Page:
Moreover, there was an air of renewal from the 1960s onwards, in which the aesthetics of the Sevillian brotherhoods gained influence and prominence. This change led to a shift which was shared by the recently created brotherhoods and those which decided to update their traditions. They sought dimensions which would allow them to enter the Cathedral or leave the temple, as well as the creation of goldwork thrones for the images of the Virgin and the well-known 'bombo' thrones, made of carved wood and usually gilded, especially for the representations of Christ. The Brotherhood of Las Penas has outstanding examples of these models.

Although these models have gained popularity, there have also been unique designs that deserve recognition, such as the thrones of the Cristo de la Expiración and del Santo Sepulcro (Christ of the Expiration and the Holy Sepulchre). A recent trilogy has been formed with the inclusion of the throne of the Cristo de la Redención (Christ of Redemption), which rounds off a highly significant collection in the tradition of Malaga's brotherhoods.

THE ART OF EMBROIDERY

The tunics adorning the images of Christ, as well as the shawls, cloaks and headdresses on the Virgin's images, parade majestically under canopies with embroidered ceilings and draperies, among other items such as scripts, banners and horn cloths. These spaces provide a canvas where the ancient, handcrafted art of embroidery reveals its full beauty.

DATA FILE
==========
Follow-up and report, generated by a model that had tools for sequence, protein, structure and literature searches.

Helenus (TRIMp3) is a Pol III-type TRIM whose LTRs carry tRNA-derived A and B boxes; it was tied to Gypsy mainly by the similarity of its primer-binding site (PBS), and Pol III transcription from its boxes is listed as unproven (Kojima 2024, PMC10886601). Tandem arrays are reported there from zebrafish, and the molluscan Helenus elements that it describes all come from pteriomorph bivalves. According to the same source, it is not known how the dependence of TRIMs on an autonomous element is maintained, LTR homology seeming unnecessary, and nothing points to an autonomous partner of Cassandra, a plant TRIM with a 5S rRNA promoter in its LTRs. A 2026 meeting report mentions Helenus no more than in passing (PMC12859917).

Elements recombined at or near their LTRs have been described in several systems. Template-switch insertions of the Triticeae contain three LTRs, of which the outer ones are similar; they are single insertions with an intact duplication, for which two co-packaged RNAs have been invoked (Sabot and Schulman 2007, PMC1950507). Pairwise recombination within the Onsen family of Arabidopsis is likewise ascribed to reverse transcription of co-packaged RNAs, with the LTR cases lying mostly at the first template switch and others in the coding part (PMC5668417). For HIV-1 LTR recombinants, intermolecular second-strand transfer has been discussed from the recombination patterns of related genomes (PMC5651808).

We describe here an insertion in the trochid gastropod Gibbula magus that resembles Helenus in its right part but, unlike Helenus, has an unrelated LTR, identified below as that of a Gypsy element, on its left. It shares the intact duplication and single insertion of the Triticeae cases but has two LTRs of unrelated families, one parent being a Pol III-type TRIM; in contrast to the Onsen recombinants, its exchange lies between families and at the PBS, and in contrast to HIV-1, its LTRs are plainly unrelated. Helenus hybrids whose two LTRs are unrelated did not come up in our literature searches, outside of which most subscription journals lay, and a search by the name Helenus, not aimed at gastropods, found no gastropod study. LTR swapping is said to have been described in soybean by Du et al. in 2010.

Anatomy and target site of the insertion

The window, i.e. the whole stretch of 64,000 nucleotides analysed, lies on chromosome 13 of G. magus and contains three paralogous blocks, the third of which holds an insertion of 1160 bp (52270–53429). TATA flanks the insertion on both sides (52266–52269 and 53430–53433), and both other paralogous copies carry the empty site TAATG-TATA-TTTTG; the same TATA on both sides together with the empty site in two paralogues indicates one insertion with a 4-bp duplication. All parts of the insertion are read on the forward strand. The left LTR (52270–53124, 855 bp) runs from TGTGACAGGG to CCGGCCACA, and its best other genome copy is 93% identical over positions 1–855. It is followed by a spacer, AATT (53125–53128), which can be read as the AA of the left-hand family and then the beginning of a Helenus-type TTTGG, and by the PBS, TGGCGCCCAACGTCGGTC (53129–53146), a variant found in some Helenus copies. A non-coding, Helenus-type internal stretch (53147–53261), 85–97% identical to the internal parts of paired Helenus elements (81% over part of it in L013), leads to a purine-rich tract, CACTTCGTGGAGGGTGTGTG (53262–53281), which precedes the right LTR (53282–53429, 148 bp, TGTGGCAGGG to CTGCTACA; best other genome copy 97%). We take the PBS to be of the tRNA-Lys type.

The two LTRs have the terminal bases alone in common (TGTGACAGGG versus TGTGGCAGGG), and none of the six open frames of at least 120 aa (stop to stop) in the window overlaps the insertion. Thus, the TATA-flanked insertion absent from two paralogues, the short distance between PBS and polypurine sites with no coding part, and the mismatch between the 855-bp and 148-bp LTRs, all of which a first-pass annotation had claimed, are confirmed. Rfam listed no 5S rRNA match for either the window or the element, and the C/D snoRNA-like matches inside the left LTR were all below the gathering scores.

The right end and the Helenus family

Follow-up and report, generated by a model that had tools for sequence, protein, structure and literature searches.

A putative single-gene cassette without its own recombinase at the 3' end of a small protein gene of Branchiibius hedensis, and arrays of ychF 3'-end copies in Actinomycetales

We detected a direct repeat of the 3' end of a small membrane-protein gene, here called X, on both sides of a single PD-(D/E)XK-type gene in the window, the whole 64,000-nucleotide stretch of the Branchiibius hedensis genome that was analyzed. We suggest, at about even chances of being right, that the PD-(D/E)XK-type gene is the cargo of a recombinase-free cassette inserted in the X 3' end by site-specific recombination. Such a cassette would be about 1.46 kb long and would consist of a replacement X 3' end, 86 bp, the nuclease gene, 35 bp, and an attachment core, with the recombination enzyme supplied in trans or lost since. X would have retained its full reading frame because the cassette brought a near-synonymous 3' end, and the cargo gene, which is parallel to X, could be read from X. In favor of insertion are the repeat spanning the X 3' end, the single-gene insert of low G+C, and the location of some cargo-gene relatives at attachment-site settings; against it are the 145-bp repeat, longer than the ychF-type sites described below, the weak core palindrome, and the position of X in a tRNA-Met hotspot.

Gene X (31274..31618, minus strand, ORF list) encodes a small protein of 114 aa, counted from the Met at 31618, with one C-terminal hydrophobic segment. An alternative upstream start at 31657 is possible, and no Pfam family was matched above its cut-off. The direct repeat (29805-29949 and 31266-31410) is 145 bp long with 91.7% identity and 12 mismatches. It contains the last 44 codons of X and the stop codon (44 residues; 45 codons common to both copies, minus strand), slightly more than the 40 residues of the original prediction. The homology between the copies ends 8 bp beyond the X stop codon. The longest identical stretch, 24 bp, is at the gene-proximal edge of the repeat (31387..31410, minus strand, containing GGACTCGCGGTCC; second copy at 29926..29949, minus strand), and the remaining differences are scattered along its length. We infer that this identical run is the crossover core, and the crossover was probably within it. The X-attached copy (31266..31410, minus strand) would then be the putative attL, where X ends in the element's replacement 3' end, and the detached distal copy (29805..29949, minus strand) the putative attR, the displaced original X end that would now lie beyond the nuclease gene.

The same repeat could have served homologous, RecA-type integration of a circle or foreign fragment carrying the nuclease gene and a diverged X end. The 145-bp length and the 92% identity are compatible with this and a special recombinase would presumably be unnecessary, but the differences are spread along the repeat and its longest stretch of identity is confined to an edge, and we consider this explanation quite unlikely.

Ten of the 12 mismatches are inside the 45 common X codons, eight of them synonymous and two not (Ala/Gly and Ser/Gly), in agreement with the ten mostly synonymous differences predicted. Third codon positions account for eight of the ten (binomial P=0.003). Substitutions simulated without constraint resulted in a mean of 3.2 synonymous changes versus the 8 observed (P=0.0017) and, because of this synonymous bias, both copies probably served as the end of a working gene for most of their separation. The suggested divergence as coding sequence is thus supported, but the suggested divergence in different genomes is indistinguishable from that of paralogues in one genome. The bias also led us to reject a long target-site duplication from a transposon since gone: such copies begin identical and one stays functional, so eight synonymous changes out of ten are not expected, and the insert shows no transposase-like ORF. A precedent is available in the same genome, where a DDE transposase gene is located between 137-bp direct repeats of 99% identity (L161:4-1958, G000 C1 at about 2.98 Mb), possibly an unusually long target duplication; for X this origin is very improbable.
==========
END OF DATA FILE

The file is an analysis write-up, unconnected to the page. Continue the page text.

Numerous specialised workshops keep this tradition alive, thanks to the support of the brotherhoods that strive to improve and renew their historical and artistic heritage. For much of the 20th century, this art, which was the domain of the nuns' convents, has once again been led by professional workshops, thus regaining the hegemony it held in the 17th and 18th centuries.

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Embroidery is a highly complex and painstaking technique. In general, the gold threads are arranged on fabric and cardboard structures, giving them volume and adopting forms inspired by floral motifs, where the baroque style holds sway.

Naturally, the most striking of all the embroidered elements that are paraded during Easter are the cloaks of the images of the figures of the Sorrowful Virgin Mary. In Malaga, these garments can reach more than eight metres in length and dazzle us with their display of richness on velvets of different colours such as black, green, red, blue and purple. In addition, the "palios", or canopies, which are unique in their own right, contribute to identifying and giving personality to each of the brotherhoods with their original designs and distinctive cuts.